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    ARTICLE

    Paijama

    Map Academy

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    A popular lower garment worn by both men and women across India, the paijama, or pyjama, is a kind of loose-fitting trouser held at the waist by a drawstring. The name is a composite of two Persian words: pae, meaning “leg” or “foot,” and jama, meaning “covering.” There are several variants of the paijama, which differ in length, girth and tightness, including the sharai paijama, the Punjabi ghuttana and the farshi paijama.

    The garment is widely believed to be a Persian import to India, however there is evidence of its existence dating back to the Gupta period (319–467 CE). Notably, there are four garments similar to the paijama which make an appearance on artifacts from this time: the sutalā, which covered both the ankle and feet; the pinga, which reached right up to the ankle; the svasthana, covering the knee and half the calf; and, lastly, the chāndtika, which reached till the knee. The Harshacharita, a biography of the Indian emperor Harsha (606–47 CE), also mentions the first three garments, though detailed descriptions of each are not mentioned. Another similar garment from ancient India was the chalana, a type of loose-fitting trouser popular in the Kushan period (30–375 CE).

    The paijama became ubiquitous in the Mughal era and was worn paired with upper garments such as the peshwaz, kurta, jama, chapkan or angrakha. Since it complemented the pirahan – a popular upper garment from this period – so well, the paijama also received the title of yar pirahan, or “companion of the pairhan,” during the rule of the emperor Akbar. In the late eighteenth, the wide-legged paijama gained favour over the more fitted variant that appears in several Mughal and Pahari paintings. During this time, the paijama was also adopted by Rajput foot soldiers as a utilitarian alternative to the dhoti, since it afforded the wearer far greater mobility.

    By the nineteenth century, wide-legged paijamas made of cotton or silk that almost trailed the ground became common in the courts of Delhi and Lucknow, and were known as the sidha paijama or arz ke painchon ka paijama. Another widely-recorded garment similar to the paijama is the chudidaar. Within the Islamic tradition, the paijama is also known as izar, due to which the drawstring used to hold the paijama at the waist is also called the izarband.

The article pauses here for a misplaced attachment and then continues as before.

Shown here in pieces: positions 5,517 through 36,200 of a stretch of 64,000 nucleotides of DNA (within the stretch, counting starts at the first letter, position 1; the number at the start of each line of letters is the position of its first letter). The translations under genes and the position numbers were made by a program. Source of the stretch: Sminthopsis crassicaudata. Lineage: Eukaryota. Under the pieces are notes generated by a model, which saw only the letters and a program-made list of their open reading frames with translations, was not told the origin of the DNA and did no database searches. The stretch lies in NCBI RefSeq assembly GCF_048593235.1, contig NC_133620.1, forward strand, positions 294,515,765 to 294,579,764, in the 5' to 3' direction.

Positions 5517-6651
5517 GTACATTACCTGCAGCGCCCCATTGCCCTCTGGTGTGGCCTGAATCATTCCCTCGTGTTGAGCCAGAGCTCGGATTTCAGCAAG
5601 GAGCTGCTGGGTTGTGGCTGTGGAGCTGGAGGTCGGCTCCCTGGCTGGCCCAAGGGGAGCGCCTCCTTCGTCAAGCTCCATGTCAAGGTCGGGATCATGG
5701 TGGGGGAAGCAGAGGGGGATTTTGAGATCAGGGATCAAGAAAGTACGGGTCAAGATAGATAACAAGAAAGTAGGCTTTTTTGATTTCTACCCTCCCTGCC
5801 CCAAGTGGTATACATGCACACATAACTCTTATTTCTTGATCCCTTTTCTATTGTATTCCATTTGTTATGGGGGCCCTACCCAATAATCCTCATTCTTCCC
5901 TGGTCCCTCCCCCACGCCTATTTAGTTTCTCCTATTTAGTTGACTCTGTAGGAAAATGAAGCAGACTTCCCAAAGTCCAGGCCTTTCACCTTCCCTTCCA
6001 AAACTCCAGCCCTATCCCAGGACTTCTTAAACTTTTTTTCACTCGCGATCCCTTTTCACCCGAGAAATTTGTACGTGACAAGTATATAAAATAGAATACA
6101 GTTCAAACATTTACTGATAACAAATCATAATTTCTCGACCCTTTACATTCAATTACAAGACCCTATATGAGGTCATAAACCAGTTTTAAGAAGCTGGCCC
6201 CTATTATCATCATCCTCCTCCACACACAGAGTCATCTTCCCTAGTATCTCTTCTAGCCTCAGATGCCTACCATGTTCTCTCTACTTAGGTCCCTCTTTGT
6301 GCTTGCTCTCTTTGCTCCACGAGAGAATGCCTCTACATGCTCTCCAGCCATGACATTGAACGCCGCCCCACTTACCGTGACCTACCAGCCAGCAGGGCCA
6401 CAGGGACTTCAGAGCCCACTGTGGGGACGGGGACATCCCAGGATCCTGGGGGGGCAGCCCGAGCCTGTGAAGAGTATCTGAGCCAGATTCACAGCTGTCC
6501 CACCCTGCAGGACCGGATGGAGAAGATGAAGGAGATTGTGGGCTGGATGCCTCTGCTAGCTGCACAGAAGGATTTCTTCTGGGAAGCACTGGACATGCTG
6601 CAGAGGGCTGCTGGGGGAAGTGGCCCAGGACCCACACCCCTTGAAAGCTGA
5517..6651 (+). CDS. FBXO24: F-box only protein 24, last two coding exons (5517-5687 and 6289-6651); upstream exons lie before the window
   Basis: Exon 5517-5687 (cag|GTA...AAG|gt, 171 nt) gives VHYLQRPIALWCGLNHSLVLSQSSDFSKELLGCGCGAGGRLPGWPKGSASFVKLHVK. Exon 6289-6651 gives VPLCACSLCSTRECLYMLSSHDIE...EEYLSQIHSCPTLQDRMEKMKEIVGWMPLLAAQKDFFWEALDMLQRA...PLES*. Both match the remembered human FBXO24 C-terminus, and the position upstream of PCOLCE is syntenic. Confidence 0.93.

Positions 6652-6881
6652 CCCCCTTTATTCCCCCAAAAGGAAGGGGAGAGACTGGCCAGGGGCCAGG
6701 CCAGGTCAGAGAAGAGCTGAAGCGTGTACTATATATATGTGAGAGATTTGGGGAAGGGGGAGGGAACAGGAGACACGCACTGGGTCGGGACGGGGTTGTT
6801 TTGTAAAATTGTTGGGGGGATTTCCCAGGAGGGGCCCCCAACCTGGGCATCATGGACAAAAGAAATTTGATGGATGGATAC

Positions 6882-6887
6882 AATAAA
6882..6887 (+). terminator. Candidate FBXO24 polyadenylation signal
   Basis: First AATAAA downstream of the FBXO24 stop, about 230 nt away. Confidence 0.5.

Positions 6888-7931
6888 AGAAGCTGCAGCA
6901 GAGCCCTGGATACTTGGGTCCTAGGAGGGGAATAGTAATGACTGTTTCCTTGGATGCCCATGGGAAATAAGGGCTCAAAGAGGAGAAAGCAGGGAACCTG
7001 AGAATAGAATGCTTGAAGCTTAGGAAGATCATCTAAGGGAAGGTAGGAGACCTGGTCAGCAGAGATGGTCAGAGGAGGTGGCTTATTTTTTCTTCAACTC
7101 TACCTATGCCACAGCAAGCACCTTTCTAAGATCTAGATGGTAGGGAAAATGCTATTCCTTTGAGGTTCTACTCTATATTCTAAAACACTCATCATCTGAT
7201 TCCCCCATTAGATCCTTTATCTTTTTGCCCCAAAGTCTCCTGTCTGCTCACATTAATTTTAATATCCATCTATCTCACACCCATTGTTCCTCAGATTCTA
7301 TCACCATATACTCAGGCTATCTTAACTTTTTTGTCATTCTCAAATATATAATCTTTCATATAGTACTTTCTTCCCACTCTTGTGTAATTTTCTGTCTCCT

During the seventeenth and the eighteenth centuries, the garment also gained popularity among the British in India, who referred to it as ‘mogul’s breeches.’ By the 1870s, it was being exported to Britain by the East India Company and became a common form of nightwear or loungewear for men. In the 1920s, through the influence of fashion designers such as Coco Chanel, it was adopted by women as well.

    The modern-day paijama is made from a variety of fabrics and remains a popular garment across the world.

     
    Bibliography

    Dolce and Gabbana. “The pyjama from the Raj to LA: A STAPLE OF FASHION THROUGH THE CHANGING WORLD.” Accessed September 18, 2021.

    https://world.dolcegabbana.com/discover/a-brief-history-of-the-pyjama-from-loungewear-to-fashion/

    Goswamy, BN, Kalyan Krishna and Tarla Dundh. Indian Costumes in the Collection of the Calico Museum of Textiles. Ahmedabad: Sarabhai Foundation, 1993.

    Kumar, Ritu and Cathy Muscat. Costumes and Textiles of Royal India. London: Christie’s, 1999.

    Mohapatra, Ramesh Prasad. Fashion Styles of Ancient India. Delhi: BR Publishing Corporation, 1992.

    Parkinson, Justin. “When pyjama’s ruled the fashion world.” BBC, January 31, 2016. https://www.bbc.com/news/magazine-35427892.

    Utsavpedia. “Pajama.” Accessed September 18, 2021.

    Pajama

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